According to Reuters, medical researchers got together with hedge fund managers to institute the Gotham Prize for Cancer Research, a new private prize for innovative cancer research.
Announced on its own website, the prize was deemed necessary to stimulate new cancer research and to recognize innovative approaches that may come from outside mainstream scientific research:
Though billions are spent each year on cancer research, promising research and novel ideas may still not receive the support and recognition that they deserve. Research out of the mainstream may not be funded or accepted for publication, while, for competitive reasons, preliminary research and ideas are rarely shared.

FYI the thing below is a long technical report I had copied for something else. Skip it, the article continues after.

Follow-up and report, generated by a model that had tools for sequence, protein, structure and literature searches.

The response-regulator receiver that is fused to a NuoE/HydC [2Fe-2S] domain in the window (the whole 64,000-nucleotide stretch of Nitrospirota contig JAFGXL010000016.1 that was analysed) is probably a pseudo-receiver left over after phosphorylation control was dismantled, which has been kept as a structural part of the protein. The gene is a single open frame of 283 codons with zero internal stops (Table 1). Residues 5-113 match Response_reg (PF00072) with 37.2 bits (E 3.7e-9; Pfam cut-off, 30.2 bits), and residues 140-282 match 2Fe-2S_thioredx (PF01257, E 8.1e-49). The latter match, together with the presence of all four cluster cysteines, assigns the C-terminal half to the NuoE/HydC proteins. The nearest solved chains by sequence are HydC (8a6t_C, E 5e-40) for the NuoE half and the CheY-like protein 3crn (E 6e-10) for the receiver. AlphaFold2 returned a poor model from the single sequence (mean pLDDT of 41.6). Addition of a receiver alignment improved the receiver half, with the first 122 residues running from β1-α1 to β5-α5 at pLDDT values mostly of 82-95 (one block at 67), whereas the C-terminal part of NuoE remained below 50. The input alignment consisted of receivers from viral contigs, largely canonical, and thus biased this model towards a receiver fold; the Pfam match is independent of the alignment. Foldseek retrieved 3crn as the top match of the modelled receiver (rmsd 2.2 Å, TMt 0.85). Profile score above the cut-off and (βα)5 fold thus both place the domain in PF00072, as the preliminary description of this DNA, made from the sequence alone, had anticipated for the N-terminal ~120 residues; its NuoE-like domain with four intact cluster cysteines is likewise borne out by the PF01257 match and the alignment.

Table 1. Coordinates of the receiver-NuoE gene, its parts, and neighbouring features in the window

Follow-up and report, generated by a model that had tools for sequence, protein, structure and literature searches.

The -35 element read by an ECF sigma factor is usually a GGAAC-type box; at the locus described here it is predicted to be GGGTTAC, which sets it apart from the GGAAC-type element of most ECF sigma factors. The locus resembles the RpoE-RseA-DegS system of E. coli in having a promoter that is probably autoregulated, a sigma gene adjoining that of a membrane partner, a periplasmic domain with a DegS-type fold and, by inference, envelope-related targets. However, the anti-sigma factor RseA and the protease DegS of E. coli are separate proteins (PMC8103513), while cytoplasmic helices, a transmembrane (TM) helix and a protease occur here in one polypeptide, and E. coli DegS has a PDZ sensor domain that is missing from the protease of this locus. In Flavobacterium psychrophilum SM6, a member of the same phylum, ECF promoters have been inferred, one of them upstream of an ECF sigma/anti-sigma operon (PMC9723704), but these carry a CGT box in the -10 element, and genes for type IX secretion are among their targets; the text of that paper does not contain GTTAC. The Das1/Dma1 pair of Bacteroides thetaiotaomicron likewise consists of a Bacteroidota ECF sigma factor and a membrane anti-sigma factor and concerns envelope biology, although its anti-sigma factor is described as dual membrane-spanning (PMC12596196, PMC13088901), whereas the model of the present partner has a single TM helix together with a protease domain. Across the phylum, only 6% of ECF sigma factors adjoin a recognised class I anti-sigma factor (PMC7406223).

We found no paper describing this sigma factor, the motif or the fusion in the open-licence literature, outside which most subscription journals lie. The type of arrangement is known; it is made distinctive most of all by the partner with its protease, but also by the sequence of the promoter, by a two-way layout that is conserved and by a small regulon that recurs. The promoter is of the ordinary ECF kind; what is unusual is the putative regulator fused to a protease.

In addition, scientists and researchers who do not fit a specialized profile or carry traditional credentials are unlikely to be funded to pursue new theories or follow controversial avenues.
One of the spokesmen for the Prize also faulted federal and institutional funding of research:
Federal funding of cancer research has been flat, and is in fact lower than in recent years when inflation is taken into account, said Dr. Gary Curhan of Harvard Medical School. And the system of seeking grants — money to do research — is based around pleasing either National Institutes of Health supervisors or gatekeepers at the advocacy organizations that pay for research on specific types of cancer, he said.